Story at a glance
- On Tuesday, Sen. Markey and Rep. Ocasio-Cortez reintroduced the Green New Deal.
- Both lawmakers say decarbonizing the economy will yield healthier communities and create millions of jobs.
- Republican challengers continue to oppose the legislation.
On Tuesday, Democrats Sen. Edward Markey (Mass.) and Rep. Alexandria Ocasio-Cortez (N.Y.) reintroduced the Green New Deal.
The resolution was first put forth in 2019. Despite strong co-sponsorship, it failed to move past the U.S. House of Representatives.
It is currently referred to the subcommittee on Energy and Mineral Resources.
Hallmark features include overhauling U.S. infrastructure to place the country on a path to net-zero emissions. Reducing carbon emissions through sustainable transportation as well as investing in wind and solar energy are also included as a means to create high-paying jobs that support a sustainable economy.
During the press conference, Ocasio-Cortez estimated roughly 20 million positions associated with sustainable development would be created.
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The legislators also introduced the Civilian Climate Corps for Jobs and Justice Act (CCC), alongside the Green New Deal. This was included in Biden’s American Jobs Plan.
“The CCC would put 1.5 million young people to work strengthening our communities and preserving our lands – doing everything from remediating blight and maintaining trails to creating entirely new green spaces,” Ocasio-Cortez said in a press release.
During a press conference, she continued to describe the racial justice component that the Green New Deal would encompass, including expanding access to public transportation and rejuvenating communities disproportionately affected by climate change, namely Flint, Mich.; Baltimore; and the South Bronx, in New York.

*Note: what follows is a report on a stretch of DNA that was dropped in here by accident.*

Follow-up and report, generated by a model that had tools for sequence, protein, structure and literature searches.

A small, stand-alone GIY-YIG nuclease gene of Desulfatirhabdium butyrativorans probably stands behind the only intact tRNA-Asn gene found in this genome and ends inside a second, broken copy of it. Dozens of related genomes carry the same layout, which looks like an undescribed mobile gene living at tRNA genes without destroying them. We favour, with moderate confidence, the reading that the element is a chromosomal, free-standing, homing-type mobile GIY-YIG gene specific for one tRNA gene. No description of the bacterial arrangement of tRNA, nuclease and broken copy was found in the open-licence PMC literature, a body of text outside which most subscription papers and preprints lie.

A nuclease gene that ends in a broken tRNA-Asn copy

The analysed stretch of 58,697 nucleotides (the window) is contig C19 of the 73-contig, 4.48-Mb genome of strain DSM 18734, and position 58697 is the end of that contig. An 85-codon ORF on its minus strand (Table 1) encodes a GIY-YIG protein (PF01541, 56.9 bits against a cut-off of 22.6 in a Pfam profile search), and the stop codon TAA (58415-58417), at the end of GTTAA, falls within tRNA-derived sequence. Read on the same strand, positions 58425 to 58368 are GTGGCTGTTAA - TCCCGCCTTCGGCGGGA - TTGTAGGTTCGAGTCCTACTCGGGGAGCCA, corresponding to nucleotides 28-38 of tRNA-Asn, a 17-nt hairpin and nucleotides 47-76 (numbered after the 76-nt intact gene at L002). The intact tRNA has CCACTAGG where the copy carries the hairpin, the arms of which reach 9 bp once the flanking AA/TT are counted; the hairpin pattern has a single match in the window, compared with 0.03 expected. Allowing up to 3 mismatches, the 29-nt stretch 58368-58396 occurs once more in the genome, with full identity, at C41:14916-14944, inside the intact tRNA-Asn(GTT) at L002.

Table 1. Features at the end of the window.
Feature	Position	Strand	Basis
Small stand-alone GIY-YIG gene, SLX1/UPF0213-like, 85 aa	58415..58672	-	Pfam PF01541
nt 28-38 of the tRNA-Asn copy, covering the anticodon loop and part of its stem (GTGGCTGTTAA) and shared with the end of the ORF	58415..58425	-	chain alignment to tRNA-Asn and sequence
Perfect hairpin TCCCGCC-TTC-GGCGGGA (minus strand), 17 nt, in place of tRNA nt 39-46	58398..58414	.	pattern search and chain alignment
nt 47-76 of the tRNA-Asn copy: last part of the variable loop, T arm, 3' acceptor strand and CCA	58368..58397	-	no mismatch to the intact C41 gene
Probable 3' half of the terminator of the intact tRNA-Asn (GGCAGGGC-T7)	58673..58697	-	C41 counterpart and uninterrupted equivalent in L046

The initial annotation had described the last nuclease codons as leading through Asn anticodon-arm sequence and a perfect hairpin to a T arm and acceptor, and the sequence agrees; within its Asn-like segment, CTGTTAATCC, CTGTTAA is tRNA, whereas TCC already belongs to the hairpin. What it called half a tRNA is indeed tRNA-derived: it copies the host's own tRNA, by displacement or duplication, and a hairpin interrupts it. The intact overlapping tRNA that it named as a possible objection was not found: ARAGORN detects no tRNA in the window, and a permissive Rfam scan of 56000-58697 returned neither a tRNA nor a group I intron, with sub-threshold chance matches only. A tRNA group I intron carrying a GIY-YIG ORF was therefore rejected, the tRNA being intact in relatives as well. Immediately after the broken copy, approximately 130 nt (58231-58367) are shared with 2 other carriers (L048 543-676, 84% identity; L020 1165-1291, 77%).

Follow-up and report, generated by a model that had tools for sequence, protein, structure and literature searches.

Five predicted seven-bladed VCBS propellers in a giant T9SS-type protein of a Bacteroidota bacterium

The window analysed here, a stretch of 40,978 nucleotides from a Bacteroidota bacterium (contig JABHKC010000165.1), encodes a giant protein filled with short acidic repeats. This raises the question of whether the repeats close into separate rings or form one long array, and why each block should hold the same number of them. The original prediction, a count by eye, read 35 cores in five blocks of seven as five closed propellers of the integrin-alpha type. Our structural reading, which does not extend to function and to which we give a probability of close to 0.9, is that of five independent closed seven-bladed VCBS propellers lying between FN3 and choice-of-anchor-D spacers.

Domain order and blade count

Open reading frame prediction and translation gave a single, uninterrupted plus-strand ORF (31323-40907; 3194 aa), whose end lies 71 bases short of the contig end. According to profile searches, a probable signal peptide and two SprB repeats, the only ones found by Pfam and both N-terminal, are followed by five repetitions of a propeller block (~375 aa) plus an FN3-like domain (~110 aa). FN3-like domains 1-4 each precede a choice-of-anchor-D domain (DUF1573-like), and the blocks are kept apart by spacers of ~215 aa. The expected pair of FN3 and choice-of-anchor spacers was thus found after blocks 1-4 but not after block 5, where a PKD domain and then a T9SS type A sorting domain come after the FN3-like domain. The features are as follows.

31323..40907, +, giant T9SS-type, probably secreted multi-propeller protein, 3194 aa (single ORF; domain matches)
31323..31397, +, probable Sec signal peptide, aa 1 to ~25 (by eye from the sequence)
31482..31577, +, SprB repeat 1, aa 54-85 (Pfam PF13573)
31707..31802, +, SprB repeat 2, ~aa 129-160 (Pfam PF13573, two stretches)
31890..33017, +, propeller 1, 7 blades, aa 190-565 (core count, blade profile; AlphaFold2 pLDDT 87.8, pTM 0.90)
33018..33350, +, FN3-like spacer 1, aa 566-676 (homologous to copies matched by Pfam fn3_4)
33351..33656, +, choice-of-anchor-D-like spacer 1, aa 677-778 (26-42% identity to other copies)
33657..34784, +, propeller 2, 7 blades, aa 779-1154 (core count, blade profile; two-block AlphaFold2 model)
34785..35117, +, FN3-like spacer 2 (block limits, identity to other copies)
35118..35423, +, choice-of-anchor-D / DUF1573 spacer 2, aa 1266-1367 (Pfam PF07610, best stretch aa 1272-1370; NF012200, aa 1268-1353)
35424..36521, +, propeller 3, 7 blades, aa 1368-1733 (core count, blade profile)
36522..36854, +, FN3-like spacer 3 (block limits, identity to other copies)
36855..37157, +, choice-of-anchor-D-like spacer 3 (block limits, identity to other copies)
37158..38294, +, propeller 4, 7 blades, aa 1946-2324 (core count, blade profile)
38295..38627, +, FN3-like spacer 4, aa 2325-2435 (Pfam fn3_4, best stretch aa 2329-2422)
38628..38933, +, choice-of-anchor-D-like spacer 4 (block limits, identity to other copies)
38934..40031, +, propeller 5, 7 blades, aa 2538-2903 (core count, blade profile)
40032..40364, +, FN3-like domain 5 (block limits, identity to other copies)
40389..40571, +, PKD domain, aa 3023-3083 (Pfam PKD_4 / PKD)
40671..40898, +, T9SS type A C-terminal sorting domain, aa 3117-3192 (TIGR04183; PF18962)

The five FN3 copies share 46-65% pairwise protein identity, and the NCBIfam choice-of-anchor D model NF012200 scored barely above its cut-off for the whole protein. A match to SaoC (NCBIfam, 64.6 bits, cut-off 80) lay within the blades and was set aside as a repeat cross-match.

“The climate crisis is a crisis born of injustice and it is a crisis born of the pursuit of profit at any and all human and ecological cost,” she said.
The reintroduction of the resolution, complete with 103 co-sponsors, comes weeks after President Biden unveiled his sweeping infrastructure plan that aims to decarbonize the U.S. economy by 2030.
“To combat the interlocking crises of the moment—climate change, racial injustice, a global pandemic, and income inequality—our government has an opportunity to equitably reimagine an idea from the past and tailor it to meet the present and the future,” Markey said. “Rebuilding and strengthening our neighborhoods—especially those that have been devastated by climate change and racist housing and health care policies—and supporting our labor force must be our highest priority in the months and years to come.”
GOP legislators broadly continue to oppose the Green New Deal and other sustainable infrastructure plans. Sen. Ted Cruz (R-Texas) spoke on Fox News, calling it “a serious mistake,” claiming it will place a burden on taxpayers.
“I think this is a serious mistake,” he said. “I think it is bad for the economy, I think it destroys jobs, and we’re going to see unfortunately a lot more of it from Biden and Schumer and Pelosi.”
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